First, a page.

• kannigetMEMBER

            All of this is part of the reason I have such a big problem with heaping all the blame on Dan Andrews…

            Sure he should of used the ADF, but even NSW didnt use ADF for basic guard duty…

            But the guard is responsible, the management at all levels in the security company are responsible.

            The public servants who setup or at least allowed this game of ticket clipped outsourcing are responsible.

            To heap it all on the premier lets all of these rest off the hook and plays into the hands of the NLP who are as dodgy as anyone.

            All this only serves to undermine any credibility of any idea of democracy that we have left in this country.

            Everyone involved from the top to the bottom should pay their dues on all of this and accountability should be brought back into government purchasing.

            I make a living getting paid to provide services dealing with intermittent shortages in experience and capability, but dont for a minute think I support broad level outsourcing like we have seen.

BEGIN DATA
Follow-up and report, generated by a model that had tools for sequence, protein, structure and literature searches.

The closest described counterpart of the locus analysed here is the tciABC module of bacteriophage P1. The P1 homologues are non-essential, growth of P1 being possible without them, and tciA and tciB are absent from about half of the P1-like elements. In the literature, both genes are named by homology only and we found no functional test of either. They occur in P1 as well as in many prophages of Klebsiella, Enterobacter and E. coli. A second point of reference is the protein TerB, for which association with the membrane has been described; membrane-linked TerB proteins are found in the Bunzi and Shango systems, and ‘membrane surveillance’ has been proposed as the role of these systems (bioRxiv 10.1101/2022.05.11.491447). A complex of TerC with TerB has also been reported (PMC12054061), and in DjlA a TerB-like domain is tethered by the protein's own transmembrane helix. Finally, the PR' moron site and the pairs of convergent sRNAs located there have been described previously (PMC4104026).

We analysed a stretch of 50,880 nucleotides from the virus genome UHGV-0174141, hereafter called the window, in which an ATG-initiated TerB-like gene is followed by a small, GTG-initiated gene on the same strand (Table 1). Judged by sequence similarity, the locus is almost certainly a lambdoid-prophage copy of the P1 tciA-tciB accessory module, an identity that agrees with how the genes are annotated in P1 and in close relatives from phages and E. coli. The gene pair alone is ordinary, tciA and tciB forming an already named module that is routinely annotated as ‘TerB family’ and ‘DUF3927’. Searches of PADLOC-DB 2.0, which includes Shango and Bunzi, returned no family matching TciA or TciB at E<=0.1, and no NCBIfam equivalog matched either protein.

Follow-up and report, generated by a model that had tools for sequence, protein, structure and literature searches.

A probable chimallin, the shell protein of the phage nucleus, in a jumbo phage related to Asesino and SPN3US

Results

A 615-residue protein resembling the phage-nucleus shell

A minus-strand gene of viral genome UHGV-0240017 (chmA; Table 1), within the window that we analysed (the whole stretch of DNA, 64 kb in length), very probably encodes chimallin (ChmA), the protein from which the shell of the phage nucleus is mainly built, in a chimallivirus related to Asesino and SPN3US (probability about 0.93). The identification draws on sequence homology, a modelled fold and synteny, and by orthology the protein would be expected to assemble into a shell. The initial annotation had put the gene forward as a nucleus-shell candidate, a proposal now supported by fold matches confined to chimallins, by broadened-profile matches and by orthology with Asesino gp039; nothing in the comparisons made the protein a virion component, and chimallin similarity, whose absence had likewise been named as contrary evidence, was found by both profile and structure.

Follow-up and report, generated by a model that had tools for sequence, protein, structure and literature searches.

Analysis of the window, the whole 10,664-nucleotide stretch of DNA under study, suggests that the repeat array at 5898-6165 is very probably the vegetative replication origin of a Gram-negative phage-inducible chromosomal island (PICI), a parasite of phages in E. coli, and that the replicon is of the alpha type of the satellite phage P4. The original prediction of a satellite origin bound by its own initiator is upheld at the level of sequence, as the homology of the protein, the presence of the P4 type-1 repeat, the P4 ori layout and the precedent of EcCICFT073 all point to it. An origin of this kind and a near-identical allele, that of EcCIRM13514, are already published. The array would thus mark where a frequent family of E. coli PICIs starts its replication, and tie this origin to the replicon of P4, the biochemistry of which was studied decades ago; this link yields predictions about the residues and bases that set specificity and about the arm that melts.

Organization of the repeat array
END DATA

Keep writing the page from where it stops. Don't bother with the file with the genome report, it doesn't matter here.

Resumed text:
Outsourcing at my level is the only level I support, and I am happy to admit that despite it sounds like a conflict. But I only get work when a short term need arises, I come in, I get the job done and leave. Once you get a consulting company in or a managed services business in good luck getting any reliable delivery or getting them to leave….

          • That is the point. He should resign if it happens on his watch as minister. If he doesn’t stuff up personally it doesn’t matter.

            “Individually, ministers are also personally responsible to the parliament. This responsibility includes the minister’s own conduct, but it also extends to the agencies and departments under his or her purview and all actions taken by their civil servants..”